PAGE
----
Advisers Reveal 2020 Support Wish-List From Insurers

Research released by Beddoes Institute has identified six fundamental areas where advisers want more support from their insurers in 2020.

According to Dr Rebecca Sheils, Director at Beddoes Institute, the findings of the research are clear: “We’ve received specific feedback from over 400 advisers about how insurers can better support them, their clients and the industry overall.”

While the research is still underway, Dr Sheils identified the six key areas in which advisers say they want more support from insurers:

1. The affordability issue of premiums

The information indicates advisers want this addressed via more affordable premiums, better price stability and for ongoing premium increases to stop.

2. Streamlined admin processes

Feedback shows advisers want simpler and quicker processing for new and existing policies.

3. Advocacy for advisers

The findings show advisers want insurers to lobby the Government to address issues such as commissions, grandfathering and the development of educational initiatives directed towards consumers to promote the value of insurance.

4. New and improved client retention initiatives

Feedback reveals advisers would like to see health & wellness programs that increase engagement levels and reward clients.

5. Client-focused educational initiatives

Advisers believe more education is needed to explain the benefit of a fee for service advice model, as well as to better articulate the value of insurance.

6. Innovative technology

The findings demonstrate advisers want innovative tools such as adviser portals, integration tools, the ability to amend cover online, comparative ratings software and easier quoting portals.

This information was obtained through the 2019 Beddoes’ Adviser Experience Study. This annual study has been helping insurers better support advisers for over ten years through the collection of adviser feedback on the services they provide.

“These responses reflect and align with other findings from the study that confirm there are widespread repercussions from the Royal Commission on advisers,” said Dr Sheils. She said these repercussions included:

  • A more onerous regulatory burden which makes it more costly and time consuming to write new business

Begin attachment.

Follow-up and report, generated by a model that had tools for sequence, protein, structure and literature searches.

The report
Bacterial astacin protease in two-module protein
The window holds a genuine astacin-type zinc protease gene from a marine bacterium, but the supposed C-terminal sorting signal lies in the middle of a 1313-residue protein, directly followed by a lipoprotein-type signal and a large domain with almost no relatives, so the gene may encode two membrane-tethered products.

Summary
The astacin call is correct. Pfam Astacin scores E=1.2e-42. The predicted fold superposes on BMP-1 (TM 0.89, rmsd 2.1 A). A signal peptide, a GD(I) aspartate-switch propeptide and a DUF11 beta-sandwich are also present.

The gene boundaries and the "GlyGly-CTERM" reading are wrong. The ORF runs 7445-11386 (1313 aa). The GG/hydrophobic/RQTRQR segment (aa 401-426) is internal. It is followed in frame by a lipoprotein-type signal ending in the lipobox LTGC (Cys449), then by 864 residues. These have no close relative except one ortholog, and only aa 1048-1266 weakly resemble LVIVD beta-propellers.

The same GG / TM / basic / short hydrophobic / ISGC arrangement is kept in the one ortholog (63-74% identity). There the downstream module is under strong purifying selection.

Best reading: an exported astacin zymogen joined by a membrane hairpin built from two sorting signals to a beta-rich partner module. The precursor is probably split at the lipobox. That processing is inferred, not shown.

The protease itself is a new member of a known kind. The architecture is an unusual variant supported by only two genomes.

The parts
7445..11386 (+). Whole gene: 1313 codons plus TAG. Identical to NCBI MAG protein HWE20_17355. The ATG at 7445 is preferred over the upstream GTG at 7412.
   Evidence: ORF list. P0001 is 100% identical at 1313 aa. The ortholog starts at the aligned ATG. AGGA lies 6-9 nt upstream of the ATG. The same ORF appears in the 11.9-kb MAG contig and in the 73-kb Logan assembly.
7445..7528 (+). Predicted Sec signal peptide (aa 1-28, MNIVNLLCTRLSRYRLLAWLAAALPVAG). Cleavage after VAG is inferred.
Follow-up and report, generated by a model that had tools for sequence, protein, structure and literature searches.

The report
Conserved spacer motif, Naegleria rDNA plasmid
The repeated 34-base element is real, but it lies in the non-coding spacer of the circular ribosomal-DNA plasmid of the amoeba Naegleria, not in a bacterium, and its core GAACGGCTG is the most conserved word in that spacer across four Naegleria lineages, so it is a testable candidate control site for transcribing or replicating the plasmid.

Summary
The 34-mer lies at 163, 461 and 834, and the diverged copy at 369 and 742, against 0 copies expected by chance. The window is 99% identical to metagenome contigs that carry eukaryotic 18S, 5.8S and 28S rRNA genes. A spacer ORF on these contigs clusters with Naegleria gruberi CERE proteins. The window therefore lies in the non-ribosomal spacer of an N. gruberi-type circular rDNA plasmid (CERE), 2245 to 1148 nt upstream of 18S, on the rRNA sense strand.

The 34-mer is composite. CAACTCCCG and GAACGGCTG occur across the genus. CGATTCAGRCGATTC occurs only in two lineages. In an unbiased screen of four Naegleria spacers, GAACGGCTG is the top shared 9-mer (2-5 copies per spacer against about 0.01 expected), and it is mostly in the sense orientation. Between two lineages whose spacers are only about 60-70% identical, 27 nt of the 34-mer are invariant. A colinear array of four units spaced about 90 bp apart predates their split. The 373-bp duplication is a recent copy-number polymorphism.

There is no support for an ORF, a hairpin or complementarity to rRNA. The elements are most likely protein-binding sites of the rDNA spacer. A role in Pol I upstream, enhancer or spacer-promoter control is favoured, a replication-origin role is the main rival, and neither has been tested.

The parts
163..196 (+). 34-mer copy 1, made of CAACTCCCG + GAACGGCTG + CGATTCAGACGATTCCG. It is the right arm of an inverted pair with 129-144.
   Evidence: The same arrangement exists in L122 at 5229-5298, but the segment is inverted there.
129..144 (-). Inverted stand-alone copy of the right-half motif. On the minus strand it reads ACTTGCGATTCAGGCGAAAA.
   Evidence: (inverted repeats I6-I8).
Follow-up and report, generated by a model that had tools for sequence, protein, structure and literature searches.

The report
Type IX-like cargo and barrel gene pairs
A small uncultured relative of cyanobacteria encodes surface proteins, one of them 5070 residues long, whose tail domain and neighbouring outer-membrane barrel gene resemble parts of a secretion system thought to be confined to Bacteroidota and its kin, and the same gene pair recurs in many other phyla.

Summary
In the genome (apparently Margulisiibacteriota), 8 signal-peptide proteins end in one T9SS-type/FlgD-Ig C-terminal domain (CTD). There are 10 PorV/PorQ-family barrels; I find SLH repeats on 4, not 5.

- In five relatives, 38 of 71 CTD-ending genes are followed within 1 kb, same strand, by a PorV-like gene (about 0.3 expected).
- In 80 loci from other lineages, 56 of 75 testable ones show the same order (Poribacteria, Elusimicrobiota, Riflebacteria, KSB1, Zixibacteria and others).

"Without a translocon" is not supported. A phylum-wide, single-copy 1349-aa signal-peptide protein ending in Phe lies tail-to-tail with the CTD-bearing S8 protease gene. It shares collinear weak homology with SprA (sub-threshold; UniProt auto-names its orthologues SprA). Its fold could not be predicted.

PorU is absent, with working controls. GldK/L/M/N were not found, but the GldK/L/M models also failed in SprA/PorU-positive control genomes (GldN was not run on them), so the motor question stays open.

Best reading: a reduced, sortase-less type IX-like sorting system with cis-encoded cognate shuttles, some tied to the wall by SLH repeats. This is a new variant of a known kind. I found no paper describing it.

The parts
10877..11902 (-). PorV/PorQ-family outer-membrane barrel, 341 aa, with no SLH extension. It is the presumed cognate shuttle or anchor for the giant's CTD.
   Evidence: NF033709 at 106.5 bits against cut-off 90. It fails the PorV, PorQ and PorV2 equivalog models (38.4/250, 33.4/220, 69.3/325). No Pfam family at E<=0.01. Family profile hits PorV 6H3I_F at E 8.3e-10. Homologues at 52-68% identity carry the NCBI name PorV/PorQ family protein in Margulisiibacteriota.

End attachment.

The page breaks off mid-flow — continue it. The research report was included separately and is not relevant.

• A more sceptical market sentiment
  • Increased premiums impacting the affordability of insurance and client retention

Dr Sheils said the stark reality of a changed market landscape is clear: “It’s apparent that the fallout from the Royal Commission means advisers need more support from insurers. Offering better support, innovation and advocacy will not only have a positive effect on the adviser’s propensity to write insurance but will also subsequently impact the overall profitability of the insurance sector in its entirety,” she said.

Don’t miss this opportunity to tell insurers what you need!

More voices means clearer advocacy for all. Complete this year’s Adviser Experience Study to tell insurers how to better support you when you rate their BDMs and key operational areas. This Study has been in the market for 10 years and has supported insurers by providing adviser feedback on the services they offer to support you as a business, as well as your clients throughout the life of their policy. And this year we’re also examining the impact of the Royal Commission. This Study also underpins the Client Service Team Awards (Claims, BDM and Underwriting Teams of the Year) that are part of the AFA Life Company of the Year Awards suite, as well as the inaugural Most Valued BDM of the Year Award.

Simply complete the survey to receive access to over $3000 worth of business resources and potential eligibility to join Beddoes’ Most Trusted Advisers (MTA) Network, which is aimed at restoring trust and confidence in the advice sector.

Click here to learn more and register:

https://tess.beddoes.com.au/adviser_registrations/new?source=risk_info

  • JM

    I’m afraid No 1 will not be met… Every company is making huge losses on DI, which means lots more price increases to come….

  • Jeremy Wright

    I do not know where point 5 came from, though it would not have come from experienced Life Insurance advisers.

    (Advisers believe more education is needed to explain the benefit of a
    fee for service advice model, as well as to better articulate the value
    of insurance)

    This is another attempt by the vested interest groups to push fee for service around Insurance.

    That argument is dead. Australians have categorically said they will not pay a fraction in fees of what it costs to provide it, so why has this ridiculous notion snuck back in?

    If people want to publish this fee for service on Life Insurance advice argument again, then have the decency to put your name down, so you can be challenged in the public forum and your reputation put to the test.

  • Old Fella

    I have pondered lately whether or not the”wellness” programs have contributed to the premium rate increases. I would be interested to know how much per policyholder it costs the insurer to provide this value add feature, especially those at little or no direct cost to the client.

    Maybe I’m old fashioned, but perhaps insurance has become too funky in an effort to add to it’s appeal, whereas in reality it is a product that none of us want to pay for, because of course “it will never happen to me,” but we know holding it gives us peace of mind that we or those we love will be provided for should it actually happen to me.

    That’s how I persuade people to purchase insurance. Not for the airline points, the fitness tracker, the chance to win a prize or get discounted food or gym memberships.

    Yes, these are the ramblings of an old man who grew up in this industry in a different time. But the reality is still the same.